Book Reviews

Special A.C.E. Stories

Online Paper (PDF)

Bids & Public Notices

NW Job Market


Special Sections

Asian Reporter Info

About Us

Advertising Info.

Contact Us
Subscription Info. & Back Issues





Currency Exchange

Time Zones
More Asian Links

Copyright © 1990 - 2024
AR Home


The Asian Reporter's

From The Asian Reporter, V34, #5 (May 6, 2024), page 11.

A lot of history is packed into the 40-page A is for Asian American

A is for Asian American: An Asian Pacific Islander Desi American Alphabet

By Virginia Loh-Hagan

Illustrations by Tracy Nishimura Bishop

Sleeping Bear Press, 2022

Hardcover, 40 pages, $17.99

By Jody Lim

The Asian Reporter

We discovered A is for Asian American: An Asian Pacific Islander Desi American Alphabet, written by Virginia Loh-Hagan and illustrated by Tracy Nishimura Bishop, this year. It’s a book aimed at first through fourth graders and written at a second-grade reading level, but it’s one that people of any age could learn from. It’s full of people, places, dates, concepts, resources, and more.

By just flipping through the front and back matter of A is for Asian American, I learned some history I’d never read before, in addition to important holidays and firsts.

Some lesser-known milestones learned within just the first few pages were:

1763 — Filipinos establishing the first Asian-American settlement in the bayous of Louisiana was an early immigration milestone.

1885 — A ruling by the Supreme Court of California in favor of Mamie Tape, an eight-year-old Chinese-American student, was an early Asian Pacific Islander Desi American (APIDA) social-justice movement milestone that ensured minority children had a right to attend the state’s public schools.

1937 — Gobind Behari Lai, the first Indian American to win a Pulitzer Prize, marked a milestone in pop culture. Lai was also the "first journalist to describe himself as a ‘science writer.’"

1950 — A milestone in innovation was achieved by Isabella Aiona Abbott, who was the first native Hawaiian woman to earn a doctorate in science. Studying Hawaiian seaweeds, Abbott discovered more than 200 species, and also created recipes using the sea vegetable.

Then I finally dove into the "ABCs" — with each letter presented in lyrical prose alongside about two to four paragraphs of additional information.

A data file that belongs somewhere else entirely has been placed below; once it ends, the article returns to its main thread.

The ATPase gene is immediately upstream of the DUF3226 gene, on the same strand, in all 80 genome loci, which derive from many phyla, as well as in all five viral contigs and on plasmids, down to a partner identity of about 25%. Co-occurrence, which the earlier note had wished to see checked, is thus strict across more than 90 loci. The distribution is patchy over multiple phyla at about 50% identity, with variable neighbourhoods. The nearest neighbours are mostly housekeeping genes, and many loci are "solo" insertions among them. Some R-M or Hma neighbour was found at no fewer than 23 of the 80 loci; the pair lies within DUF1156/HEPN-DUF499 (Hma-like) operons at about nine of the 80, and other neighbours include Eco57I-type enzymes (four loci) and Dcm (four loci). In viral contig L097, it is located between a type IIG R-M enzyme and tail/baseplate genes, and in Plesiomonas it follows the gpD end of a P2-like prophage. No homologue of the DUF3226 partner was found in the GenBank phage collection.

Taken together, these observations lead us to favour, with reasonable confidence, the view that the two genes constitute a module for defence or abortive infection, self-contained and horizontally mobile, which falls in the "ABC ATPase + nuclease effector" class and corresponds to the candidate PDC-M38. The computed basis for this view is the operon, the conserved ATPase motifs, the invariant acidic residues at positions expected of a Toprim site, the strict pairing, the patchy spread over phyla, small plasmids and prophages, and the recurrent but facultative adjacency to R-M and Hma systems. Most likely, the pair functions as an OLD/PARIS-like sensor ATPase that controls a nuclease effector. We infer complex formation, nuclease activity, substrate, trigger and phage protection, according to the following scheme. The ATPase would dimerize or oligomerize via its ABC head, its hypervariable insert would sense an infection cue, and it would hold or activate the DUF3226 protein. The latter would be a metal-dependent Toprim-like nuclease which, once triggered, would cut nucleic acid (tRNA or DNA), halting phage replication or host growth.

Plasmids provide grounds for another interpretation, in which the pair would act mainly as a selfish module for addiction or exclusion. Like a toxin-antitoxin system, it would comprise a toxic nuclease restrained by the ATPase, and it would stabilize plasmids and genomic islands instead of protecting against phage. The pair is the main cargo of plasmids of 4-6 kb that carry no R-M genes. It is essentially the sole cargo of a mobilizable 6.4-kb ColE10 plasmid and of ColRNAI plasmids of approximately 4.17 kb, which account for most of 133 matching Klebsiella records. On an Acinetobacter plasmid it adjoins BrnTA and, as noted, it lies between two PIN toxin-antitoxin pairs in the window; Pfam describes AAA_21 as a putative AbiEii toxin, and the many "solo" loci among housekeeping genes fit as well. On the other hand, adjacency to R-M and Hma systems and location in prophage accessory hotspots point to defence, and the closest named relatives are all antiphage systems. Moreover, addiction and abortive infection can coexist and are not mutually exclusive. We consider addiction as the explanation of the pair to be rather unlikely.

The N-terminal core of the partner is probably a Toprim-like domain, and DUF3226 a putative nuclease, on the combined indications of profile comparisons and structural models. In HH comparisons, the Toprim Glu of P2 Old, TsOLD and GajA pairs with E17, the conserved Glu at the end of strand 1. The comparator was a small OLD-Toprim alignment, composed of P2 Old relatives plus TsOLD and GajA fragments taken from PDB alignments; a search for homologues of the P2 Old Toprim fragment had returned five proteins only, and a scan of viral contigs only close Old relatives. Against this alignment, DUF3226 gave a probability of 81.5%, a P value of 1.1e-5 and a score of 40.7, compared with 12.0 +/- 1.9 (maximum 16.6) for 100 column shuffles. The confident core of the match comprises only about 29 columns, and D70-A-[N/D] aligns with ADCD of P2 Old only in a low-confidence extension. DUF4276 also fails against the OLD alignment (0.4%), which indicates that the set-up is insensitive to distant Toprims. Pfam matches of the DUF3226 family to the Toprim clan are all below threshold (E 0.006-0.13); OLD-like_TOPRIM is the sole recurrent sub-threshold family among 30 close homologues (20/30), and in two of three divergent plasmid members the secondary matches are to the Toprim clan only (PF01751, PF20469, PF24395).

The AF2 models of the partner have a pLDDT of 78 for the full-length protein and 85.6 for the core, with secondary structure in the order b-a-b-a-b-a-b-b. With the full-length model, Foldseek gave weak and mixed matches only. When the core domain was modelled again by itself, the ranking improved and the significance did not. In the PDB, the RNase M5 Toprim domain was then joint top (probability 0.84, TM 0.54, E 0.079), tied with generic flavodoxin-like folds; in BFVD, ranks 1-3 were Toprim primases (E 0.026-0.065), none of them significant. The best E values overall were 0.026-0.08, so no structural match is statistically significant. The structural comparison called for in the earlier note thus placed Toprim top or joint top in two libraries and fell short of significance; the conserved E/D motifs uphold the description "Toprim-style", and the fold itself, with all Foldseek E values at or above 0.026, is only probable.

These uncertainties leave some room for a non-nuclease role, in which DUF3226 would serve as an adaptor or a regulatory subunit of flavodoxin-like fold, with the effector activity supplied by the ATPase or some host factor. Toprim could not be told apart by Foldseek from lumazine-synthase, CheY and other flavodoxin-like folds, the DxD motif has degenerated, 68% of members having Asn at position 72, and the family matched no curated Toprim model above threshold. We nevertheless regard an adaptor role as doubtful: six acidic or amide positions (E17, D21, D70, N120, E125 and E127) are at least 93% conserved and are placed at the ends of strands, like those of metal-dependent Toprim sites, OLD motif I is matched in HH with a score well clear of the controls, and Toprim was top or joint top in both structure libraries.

Under "A" — for Asian American — readers find out that the continent of Asia has more than "40 countries, more than 2,000 spoken languages, and hundreds of ethnic groups." When reading "C" — "Communities" — the emergence and importance of Koreatowns, Little Indias, Little Tokyos, Manilatowns, and Asiatowns are discussed.

"P" highlights the "Pioneers," who "blazed trails in the past, paving the way for others to ensure they’re not the last." The trailblazers depicted include Dalip Singh Saund, Patsy Mink, Kamala Harris, Sunisa Lee, Anna May Wong, and others.

Illustrator Tracy Nishimura Bishop’s colorful images are inviting and eye-catching. The "J" and "K" pages — "Japanese Anime" and "Korean Wave" — are playful and bright. "R" — "Remembrance" — is a serious and somber drawing that emphasizes that we "never forget" the mistakes of Executive Order 9066 issued on February 19, 1942. And "Z" — "Zodiac" — features all 12 animals represented in the lunar calendar.

I, of course, read A is for Asian American to my nephew, a kindergartener, and he took it all in. When asked what his favorite illustrations were, he said: B: "Beautiful Country," G: "Grandparents," O: "Outer Space," U: "Undefeated Spirit," and Y: "Yahoo and YouTube."

He was intrigued by the image of astronaut Kalpana Chawla in her orange NASA uniform on the "H" page. Chawla appeared alongside accomplished Asian Americans Duke Kahanamoku, Jeanie Jew, Kristi Yamaguchi, and Larry Itliong. In the book, "H" stands for "Heritage and History Month."

A is for Asian American: An Asian Pacific Islander Desi American Alphabet introduces readers to food, celebrations, accomplishments, movers-and-shakers, and more. Purchase your own copy or check it out from a library to see for yourself what Virginia Loh-Hagan and Tracy Nishimura Bishop have created for us to learn from and enjoy.

Read the current issue of The Asian Reporter in its entirety!
Go to <>!

To buy me, visit these retailers:

Powell's Books